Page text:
- Keep your Oyster card or contactless payment ready for scanning at the barriers
- Exit the station using the correct exit, which can be found by following the signs
- If lost or confused, don’t hesitate to ask station staff for assistance
- Avoid traveling during peak hours when possible to avoid crowds and delays
- Consider walking between stations that are close together rather than taking the Tube
- Consider taking the bus or DLR for shorter journeys or to explore other parts of London
Apps & Websites to help with Navigation
There are a number of useful apps and websites available to assist with navigating the London Tube network. Some of the top recommendations include:
- Citymapper: This popular app provides detailed route planning for public transportation systems, including the Tube, buses, and trains. It offers real-time information on arrival times, disruptions, and other updates, as well as step-by-step directions for getting from point A to point B. The app also includes helpful features like estimated travel time, fare information, and the ability to save favorite routes.
- Google Maps: Google Maps is another popular option for navigating the Tube network, as well as other modes of transportation. The app offers real-time information on public transportation schedules and routes, as well as estimated travel times and fare information. It also includes features like offline maps and the ability to save favorite locations.
- TfL Official App: The official app of Transport for London (TfL) provides real-time information on Tube, bus, and train schedules, as well as service updates and alerts. The app also includes a journey planner, fare calculator, and the ability to save favorite locations and routes.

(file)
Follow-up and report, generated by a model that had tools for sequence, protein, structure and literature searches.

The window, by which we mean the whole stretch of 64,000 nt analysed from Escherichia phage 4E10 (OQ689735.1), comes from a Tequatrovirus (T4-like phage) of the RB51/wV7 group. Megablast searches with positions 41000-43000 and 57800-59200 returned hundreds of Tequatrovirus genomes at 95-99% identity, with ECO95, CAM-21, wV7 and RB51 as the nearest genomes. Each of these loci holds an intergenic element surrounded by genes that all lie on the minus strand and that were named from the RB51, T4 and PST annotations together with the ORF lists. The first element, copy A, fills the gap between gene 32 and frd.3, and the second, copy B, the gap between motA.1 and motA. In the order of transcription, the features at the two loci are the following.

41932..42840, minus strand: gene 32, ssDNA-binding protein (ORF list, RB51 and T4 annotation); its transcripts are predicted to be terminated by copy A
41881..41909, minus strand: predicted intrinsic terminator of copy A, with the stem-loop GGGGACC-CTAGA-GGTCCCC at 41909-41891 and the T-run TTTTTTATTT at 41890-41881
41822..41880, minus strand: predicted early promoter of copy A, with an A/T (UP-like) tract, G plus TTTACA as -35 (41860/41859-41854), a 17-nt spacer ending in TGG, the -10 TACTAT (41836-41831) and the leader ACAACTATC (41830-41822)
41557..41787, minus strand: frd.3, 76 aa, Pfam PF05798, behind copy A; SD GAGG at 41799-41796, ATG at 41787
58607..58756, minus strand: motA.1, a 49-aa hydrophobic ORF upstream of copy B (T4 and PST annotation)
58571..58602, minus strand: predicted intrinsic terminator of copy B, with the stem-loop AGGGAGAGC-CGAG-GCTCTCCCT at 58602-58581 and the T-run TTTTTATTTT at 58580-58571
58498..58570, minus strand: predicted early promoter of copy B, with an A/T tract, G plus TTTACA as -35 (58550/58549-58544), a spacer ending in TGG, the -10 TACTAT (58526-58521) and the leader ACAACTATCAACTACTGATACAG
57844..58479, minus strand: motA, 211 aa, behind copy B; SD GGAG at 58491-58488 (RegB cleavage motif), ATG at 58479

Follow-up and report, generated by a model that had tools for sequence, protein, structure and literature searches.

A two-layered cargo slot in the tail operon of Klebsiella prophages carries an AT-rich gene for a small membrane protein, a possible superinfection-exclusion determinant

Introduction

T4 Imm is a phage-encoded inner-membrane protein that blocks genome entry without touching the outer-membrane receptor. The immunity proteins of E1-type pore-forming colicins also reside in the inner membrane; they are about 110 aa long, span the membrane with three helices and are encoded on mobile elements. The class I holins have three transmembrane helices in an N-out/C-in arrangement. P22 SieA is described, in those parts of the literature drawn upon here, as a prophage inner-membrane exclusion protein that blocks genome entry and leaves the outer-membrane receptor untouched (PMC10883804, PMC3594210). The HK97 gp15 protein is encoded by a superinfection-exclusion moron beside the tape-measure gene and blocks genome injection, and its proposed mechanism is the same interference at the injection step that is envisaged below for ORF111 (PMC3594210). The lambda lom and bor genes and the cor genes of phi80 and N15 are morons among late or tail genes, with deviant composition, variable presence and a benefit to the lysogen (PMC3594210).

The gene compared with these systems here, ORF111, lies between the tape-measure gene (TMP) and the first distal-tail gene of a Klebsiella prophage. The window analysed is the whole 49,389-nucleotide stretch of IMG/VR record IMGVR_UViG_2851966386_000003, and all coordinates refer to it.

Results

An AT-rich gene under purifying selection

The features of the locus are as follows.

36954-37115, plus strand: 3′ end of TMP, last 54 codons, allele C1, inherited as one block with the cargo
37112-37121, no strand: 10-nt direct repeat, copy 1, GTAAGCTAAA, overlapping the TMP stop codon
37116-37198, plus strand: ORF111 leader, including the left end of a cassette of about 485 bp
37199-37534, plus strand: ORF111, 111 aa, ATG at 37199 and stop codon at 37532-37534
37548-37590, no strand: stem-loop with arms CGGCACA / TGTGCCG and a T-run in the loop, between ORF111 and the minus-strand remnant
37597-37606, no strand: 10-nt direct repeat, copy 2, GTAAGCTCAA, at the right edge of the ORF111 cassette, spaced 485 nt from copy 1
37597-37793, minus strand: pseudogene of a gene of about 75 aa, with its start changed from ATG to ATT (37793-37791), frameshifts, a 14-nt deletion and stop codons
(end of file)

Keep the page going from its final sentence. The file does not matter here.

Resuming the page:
- Tube Map: This free app provides an interactive map of the London Tube network, with information on station locations, routes, and schedules. It also offers real-time information on service disruptions and delays.
- National Rail Enquiries: This app is helpful for those looking to travel outside of London by train, but also provides real-time information on Tube services. The app includes train times and fares, journey planning, and service updates.
Overall, using these apps and websites can make navigating the London Tube network much easier, providing real-time information and helpful features to assist with route planning and getting around the city.
Accessibility on the Tube
The London Tube network provides a range of accessibility options for passengers with disabilities or reduced mobility. These include:
- Wheelchair accessibility: Many Tube stations have step-free access to the platforms, as well as lifts or ramps to help wheelchair users get on and off trains. Stations with step-free access are indicated on the Tube Map with a blue and white wheelchair symbol.
- Audio and visual announcements: All Tube trains have audio and visual announcements that indicate the name of the station and the line’s direction, making it easier for passengers with hearing or visual impairments to navigate the system. The announcements are also helpful for passengers who are unfamiliar with the Tube network.
- Priority seating: Priority seating is available on all Tube trains for passengers with disabilities or reduced mobility, as well as pregnant women and elderly passengers. The priority seats are clearly marked with blue signs and are located near the doors of the train.
- Assistance dogs: Guide dogs and other assistance dogs are allowed on the Tube network, and are not required to wear a muzzle.
- Staff assistance: Station staff are available to assist passengers with disabilities or reduced mobility. They can help with directions, provide wheelchair assistance, and offer other support as needed.
Overall, the London Tube network strives to be accessible to all passengers, and is committed to improving accessibility in the future.
Safety & Security on the Tube
The London Tube is considered a safe mode of transportation in London, and has very low crime rates. However, as with any public transportation system in a major city it is important to take precautions. The Tube does also have security measures in place, including CCTV cameras, station staff and emergency alarms in each carriage.